Stress is one of those insidious foes that can make itself known in both physical and mental ways. From achy muscles to insomnia and depression, it can take its toll, particularly when it's ongoing as it has been for many through the coronavirus pandemic. But the Wall Street Journal reported that people were turning to relaxation apps for help even before that. More than 2,000 new apps flooded the marketplace between 2015 and 2018.
The best meditation app for you can depend on how you want to tackle your mental wellness. Some may not work for you at all, while another one nails it for you.
Insight Timer is very popular because it doesn't tackle stress in just one way. Its methods include everything from transcendental meditation to mindfulness to faith-based approaches. It offers music, coaching and 3,000 guided meditations, as well as a world map that shows you who else is out there meditating right along with you. You can even join live events once each hour if you're not the type who likes to go it alone or create your own groups. You can follow one teacher regularly if you find someone you like.
It's available both online and as a phone app for both iOS and Android devices and many of its offerings are free. The Kaiser Foundation gives the iOS version 5 stars and the Android version 4.5 stars. The premium paid subscription will run you $60 a year with a 30-day free trial. It includes even more courses and offline access to help you unwind.
Calm is a meditation app that can be a great tool for beginners, as well as those who have been practicing meditation for a while. Sessions can be as short as three minutes or as long as 25 minutes – your needs, your choice. They're tailored to deal with whatever is bothering you, from self-esteem to insomnia and many other issues. There's even a feature that allows you to track your mood throughout the day, and it offers timers if you just want to do a little unguided meditation without all the structure.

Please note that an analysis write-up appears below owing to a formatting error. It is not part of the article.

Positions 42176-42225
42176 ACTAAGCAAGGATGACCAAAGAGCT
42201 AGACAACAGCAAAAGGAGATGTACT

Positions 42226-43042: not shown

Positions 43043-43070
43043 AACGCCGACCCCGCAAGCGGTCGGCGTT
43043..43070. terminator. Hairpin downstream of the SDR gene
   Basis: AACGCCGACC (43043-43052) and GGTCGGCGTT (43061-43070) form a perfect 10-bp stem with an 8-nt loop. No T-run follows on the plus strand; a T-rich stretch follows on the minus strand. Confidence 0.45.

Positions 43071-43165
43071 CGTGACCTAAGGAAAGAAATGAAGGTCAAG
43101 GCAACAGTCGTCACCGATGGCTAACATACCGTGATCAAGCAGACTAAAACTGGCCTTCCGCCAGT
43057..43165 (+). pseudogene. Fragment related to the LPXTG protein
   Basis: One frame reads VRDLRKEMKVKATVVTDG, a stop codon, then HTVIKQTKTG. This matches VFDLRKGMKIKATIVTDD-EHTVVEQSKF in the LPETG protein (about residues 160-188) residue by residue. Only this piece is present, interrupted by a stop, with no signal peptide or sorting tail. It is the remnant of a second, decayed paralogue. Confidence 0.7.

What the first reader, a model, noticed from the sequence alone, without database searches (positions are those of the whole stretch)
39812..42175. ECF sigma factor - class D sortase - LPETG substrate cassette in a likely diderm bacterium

Some selections are free. The premium subscription is $9.99 a month with a seven-day free trial. You'll get bedtime stories and nature soundscapes with the paid version. This app is also available for both iOS and Android. Healthline gives the iOS version 4.8 stars and the Android version gets 4.5 stars, while Kaiser gives each 5 stars.
Headspace is based on cognitive behavioral therapy techniques designed for various levels of user experience. It takes a more science-based approach. It lets you choose your goal, such as simple relaxation or tackling more complex stress issues. You can get a whole series of guided meditation programs or standalone shorter ones. This app also includes a mood-tracker.
The paid version includes the Sleep by Headspace add-on that deals specifically with issues of insomnia. This app is $12.99 a month or $94.99 for a year. Kaiser gives the iOS app 5 stars and the Android app 4.5 stars, and you can download meditations for offline use as well.
Stop Breathe & Think
The Stop Breathe & Think mindfulness app has you covered if you occasionally need a little reminder to do just that – stop, breathe, think and find a happier place. It will send you notifications reminding you to check in and self-assess, then it will send you meditations suggested specifically for your mood.
The free version of the app provides more than 30 activities, and it's also available for both iOS and Android devices. The premium versions will cost you $4.99 a month, or $41.99 for a year, but you can also buy just one meditation at a time if you don't want to go all-in with a subscription. Kaiser gives the iOS version 4 stars, while the Android version gets 4.5.
- Tom’s Guide: Best Relaxation Apps
- Mindful.org: Free Mindfulness Apps Worthy of Your Attention
- Healthline: 9 Best Anxiety Apps of 2021
- Kaiser Foundation: 14 Meditation and Relaxation Apps Reviewed
- Headspace: Headspace Official Site
- Insight Timer: #1 Free App for Sleep, Anxiety and Stress
- Stop, Breathe & Think: Find Peace Anywhere
- Calm: Find Your Calm
- Wall Street Journal: Headspace vs. Calm – The Meditation Battle That’s Anything But Zen